Stevens Dossou-Yovo’s practive investigates not only the question of temporality but also the relationship between space and matter. At the junction between a metaphysical vision of our world and the mere materiality of the object, his sculptures, often meant to be hung on a wall, are like metaphors of the reality. « It all starts in the virtual but the most certain completion resides in the physical object», the artist says.
Indeed, his art connects a variety or routes « I use the metaphysical vocabulary to create my own vision of the 3rd dimension based on the 2nd». Stevens Dossou-Yovo’s initial steps comprise numerous graphite drawings as a way to better project an idea in volume. This is the very moment when the spectator goes from the virtual to the real.
The rectangle is his madeleine of Proust. Used like an alphabet, it defines space and our own perception of it. The void one can see inside the sculptures speaks about a suspended time. In addition, Stevens Dossou-Yovo explores the various textures that steel can offer: oxidized, brushed or painted, the patina of these floating shapes remind us of the passing time. His sculptures can be seen as purely abstract charts but also as inner landscapes. The geometry and perspective have always been at the very core of his creation and ultimately open an infinity of mental possibilities.
Stevens Dossou-Yovo admits to pursue a quest a quest of universality: the language and mathematics all the more nourish his art as they belong to everyone and no one at the same time, through centuries, cultures and beliefs as well.
Stevens Dossou-Yovo’s sculptures are spatial equations, metaphorically speaking. Math formulas, even. Like Alexander Calder’s stabiles, the optical illusion creates an astonishing effect of immobile movement. The elements seem to be falling and levitating at the same time, animated by the circulation of the air. It’s like offering a new way to envision the materiality of the world that surrounds us.
Stevens was born in Paris, where he later graduated from the Penninghen design school. He dedicated himself metal sculpture and was soon producing anthropomorphic sculptures and automata. In recent years, Stevens has moved away from figurative sculpture; he now focuses on the representation of space through powerful mural compositions. Steel remains his favourite medium: a fairly basic material, it lends itself to all sorts of experimentation. Stevens says he derives inspiration from the sky. It is no coincidence that his studio should be suspended in mid-air, commanding an impressive view over the Paris skyline It is a confined space with a large bay window open to the horizon, recalling a camera obscura in which the artist condenses and refracts the outside world. Stevens’ geometrical compositions give form to an inner vision. They are poised between the weightlessness of a mental picture and the gravity of the metal. The resulting tension even hints at a metaphysical dimension. Indeed, Stevens says that the play on optical illusion in his work reflects his questioning of the origins and confines of reality. His work is the result of his quest for some kind of order. In the artist’s studio, archaeology meets spatial exploration: “I probe, I excavate”, he says. “Working is a way for me to get closer to what I’m looking for”. Thus each sculpture leads naturally to another, and so the vision renews itself, becoming more acute in the process. With his Broken Clouds series, Stevens believes he is getting closer to his ultimate goal. The work on volume and perspective he has pursued over the years here shows an unprecedented degree of mastery.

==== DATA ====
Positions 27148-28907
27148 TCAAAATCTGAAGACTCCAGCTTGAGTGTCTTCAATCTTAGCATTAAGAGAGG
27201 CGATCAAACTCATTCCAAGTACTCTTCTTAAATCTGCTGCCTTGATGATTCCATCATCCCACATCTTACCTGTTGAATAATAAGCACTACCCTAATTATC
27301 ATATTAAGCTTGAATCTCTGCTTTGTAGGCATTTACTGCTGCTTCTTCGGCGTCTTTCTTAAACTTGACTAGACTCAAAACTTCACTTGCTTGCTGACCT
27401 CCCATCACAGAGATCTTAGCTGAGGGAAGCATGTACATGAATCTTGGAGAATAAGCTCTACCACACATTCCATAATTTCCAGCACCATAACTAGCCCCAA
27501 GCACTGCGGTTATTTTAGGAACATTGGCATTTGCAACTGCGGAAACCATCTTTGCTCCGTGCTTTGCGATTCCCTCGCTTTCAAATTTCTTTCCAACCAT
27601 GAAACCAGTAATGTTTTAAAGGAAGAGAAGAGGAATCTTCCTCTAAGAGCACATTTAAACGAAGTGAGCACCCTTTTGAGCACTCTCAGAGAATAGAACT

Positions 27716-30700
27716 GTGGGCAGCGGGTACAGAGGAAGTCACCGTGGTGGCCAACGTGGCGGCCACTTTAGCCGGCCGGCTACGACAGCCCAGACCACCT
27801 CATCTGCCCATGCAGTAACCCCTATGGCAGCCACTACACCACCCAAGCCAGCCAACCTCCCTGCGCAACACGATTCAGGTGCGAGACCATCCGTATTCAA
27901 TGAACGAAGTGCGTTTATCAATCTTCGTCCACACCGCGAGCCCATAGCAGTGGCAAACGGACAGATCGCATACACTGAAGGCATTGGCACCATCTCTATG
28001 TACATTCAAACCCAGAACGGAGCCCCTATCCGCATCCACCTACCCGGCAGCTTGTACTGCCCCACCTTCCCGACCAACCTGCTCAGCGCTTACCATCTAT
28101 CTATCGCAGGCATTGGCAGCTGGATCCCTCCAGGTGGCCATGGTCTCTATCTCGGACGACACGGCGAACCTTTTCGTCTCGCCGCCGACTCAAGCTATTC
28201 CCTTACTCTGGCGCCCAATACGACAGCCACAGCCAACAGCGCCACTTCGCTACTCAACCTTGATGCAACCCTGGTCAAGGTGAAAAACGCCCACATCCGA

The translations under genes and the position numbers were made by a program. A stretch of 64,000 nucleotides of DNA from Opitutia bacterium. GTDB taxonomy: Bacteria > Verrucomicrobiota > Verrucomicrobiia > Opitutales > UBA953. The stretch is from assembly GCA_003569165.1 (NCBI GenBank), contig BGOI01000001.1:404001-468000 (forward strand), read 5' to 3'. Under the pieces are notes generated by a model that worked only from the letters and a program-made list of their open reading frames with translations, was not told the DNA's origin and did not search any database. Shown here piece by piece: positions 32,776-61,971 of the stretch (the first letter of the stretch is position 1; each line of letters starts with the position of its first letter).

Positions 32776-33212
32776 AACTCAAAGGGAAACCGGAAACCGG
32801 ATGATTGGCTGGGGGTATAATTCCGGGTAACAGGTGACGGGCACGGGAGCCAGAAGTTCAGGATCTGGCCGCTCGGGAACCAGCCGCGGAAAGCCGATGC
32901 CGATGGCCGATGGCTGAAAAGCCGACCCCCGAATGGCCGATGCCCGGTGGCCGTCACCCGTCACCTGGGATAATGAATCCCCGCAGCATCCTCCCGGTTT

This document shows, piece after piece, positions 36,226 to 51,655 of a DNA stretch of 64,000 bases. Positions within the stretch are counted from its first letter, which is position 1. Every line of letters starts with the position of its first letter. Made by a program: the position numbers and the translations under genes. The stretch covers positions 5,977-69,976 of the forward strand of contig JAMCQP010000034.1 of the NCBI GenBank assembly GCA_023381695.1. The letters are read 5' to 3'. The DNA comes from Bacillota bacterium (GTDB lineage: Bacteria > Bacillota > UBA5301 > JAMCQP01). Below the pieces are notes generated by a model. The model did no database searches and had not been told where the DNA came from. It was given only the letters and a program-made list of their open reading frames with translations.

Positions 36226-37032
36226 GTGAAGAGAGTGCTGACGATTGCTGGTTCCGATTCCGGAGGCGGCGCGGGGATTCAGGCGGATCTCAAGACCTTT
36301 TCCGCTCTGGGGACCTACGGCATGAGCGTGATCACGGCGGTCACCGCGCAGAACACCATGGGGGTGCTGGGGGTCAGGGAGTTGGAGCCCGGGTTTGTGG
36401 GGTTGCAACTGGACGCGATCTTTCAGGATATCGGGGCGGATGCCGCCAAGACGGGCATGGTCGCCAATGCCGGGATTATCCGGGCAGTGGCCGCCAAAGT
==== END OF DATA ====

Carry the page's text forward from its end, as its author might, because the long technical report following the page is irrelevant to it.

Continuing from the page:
Each sculpture offers up a spatial equation, a mathematical formula. Each combines the principles of concentration and expansion: the optical illusion is the result of a process whereby the tension between opposing forces is cancelled out, producing a striking impression of suspended motion. The assembled elements seem to be both in free-fall and levitating, both static and animated by the flow of air or the pull of gravity. Broken Clouds is thus an invitation to gaze into virtual skies and the expanding universe. The structures holding the elements together are carefully concealed, so that each composition seems to be floating. The metal is given a different surface treatment, depending on the final effect intended. In some cases, the metal is left raw while certain areas are polished; the colour and texture of the metal are subtly altered, as is the way it absorbs or reflects the light. Elsewhere, Stevens applies acid to certain surfaces in order to add depth and tone. An additional illusion is thereby produced: in those compositions where some of the facets are oxidized, the metal seems to have morphed into another material. Some sculptures take the illusion even further. In those whose surface is painted uniformly white, the resulting impression is one of weightlessness and stillness, verging on dematerialisation: here the metal becomes an invisible and abstract expression of volume, space and movement. A more recent development in Stevens’ work is the inclusion of photography. A keen sky-gazer, he has captured various cloudscapes with his camera and built a picture library.
Depending on the mood and tone of the composition he has in mind, he selects an image and has it digitally printed. He then applies fragments of the print onto the metal surface, turning the steel into a lens reflecting a virtual sky. Broken Clouds exists, then, at the junction between outside and inside, between the actual and the virtual. It is an invitation to stand still and watch the expanding universe.